Chief human resources officers on top management teams: an empirical analysis of contingency, institutional, and homophily antecedents
Having the director of human resources (HR) as a member of the top management team (TMT) and giving him/her the title of chief human resources officer (CHRO) indicates an important strategic and symbolic choice. Such decisions not only determine who participates in controlling an organization and setting its strategic direction, but also reflect the organizational structure. In this paper, we examine the antecedents of CHRO presence according to the contingency, institutional, and homophily theories. Based on a multi-industry sample of 215 firms that considers a 10-year period, we find that the presence of a CHRO is influenced by the rates of unionization, rapid declines or increases in numbers of employees, the employment of a new or outsider chief executive officer (CEO), and the institutionalization of the CHRO position in the industry or firm. However, we find no evidence of the presumed influence of knowledge intensity or the CEO or TMT human resource management (HRM) experience. Overall, we find that the institutional theory has the highest explanatory power regarding the existence of CHRO positions.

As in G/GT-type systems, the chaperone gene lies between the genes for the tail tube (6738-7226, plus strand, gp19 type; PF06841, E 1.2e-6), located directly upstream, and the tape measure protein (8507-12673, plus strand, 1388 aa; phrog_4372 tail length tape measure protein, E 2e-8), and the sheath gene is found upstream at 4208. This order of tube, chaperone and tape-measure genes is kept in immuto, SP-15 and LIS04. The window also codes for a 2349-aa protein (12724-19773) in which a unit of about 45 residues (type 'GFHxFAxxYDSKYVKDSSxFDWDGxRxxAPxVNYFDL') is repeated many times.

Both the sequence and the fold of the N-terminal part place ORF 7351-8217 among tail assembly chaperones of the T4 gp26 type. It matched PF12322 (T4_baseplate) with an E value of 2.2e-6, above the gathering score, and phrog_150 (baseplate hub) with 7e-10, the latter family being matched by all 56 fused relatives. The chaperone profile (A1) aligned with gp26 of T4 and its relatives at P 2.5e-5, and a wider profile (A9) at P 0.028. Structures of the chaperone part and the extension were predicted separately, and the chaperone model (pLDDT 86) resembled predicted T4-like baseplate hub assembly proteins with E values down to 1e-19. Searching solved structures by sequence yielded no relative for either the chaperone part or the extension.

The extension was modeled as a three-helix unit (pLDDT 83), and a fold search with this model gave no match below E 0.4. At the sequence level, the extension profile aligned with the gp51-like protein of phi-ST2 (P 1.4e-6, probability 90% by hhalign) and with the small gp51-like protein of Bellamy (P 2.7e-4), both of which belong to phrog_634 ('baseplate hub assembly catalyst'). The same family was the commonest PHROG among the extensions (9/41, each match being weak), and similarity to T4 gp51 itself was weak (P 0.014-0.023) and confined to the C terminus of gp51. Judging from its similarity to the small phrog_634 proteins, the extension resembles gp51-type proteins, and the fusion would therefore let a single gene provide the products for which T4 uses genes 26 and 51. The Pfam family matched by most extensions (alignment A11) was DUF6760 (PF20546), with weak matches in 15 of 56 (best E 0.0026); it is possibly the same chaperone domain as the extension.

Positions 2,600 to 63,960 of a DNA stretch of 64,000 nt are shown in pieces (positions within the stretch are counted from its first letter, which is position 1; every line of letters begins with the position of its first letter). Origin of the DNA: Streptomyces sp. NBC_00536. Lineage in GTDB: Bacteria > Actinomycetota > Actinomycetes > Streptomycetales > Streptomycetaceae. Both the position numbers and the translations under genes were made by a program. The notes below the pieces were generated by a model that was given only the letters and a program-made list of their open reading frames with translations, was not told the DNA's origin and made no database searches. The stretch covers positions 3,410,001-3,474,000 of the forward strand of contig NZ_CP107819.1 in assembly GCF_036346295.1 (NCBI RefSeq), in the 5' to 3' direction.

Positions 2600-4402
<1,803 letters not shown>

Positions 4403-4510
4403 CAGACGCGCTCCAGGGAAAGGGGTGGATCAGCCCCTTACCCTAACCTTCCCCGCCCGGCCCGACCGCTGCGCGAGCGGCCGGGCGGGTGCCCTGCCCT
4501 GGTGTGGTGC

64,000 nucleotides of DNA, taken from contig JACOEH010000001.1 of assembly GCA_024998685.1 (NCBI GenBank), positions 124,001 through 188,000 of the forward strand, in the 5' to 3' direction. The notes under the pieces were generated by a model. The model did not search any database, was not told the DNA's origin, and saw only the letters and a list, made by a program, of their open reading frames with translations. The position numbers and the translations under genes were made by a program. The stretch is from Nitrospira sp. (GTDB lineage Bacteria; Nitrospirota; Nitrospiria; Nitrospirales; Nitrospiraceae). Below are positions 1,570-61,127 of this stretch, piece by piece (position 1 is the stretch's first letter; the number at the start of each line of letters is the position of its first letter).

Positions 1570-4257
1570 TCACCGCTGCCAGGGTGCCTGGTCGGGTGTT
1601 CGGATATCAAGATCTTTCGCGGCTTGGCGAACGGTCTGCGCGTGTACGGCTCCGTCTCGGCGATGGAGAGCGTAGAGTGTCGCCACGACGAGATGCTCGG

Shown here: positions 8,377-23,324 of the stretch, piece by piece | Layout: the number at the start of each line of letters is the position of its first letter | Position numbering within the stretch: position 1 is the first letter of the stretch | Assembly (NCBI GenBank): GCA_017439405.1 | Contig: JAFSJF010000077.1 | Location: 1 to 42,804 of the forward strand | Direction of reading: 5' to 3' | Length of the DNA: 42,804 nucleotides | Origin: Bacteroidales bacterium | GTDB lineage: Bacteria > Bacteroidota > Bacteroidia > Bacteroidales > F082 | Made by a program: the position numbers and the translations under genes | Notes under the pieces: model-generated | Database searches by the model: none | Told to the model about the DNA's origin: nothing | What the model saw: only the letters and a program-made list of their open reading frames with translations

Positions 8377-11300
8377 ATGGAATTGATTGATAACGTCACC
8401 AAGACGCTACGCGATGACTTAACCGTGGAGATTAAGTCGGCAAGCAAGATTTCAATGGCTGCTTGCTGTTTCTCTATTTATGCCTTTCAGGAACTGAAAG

Published in: Business research, 10.1007/s40685-016-0039-2, Springer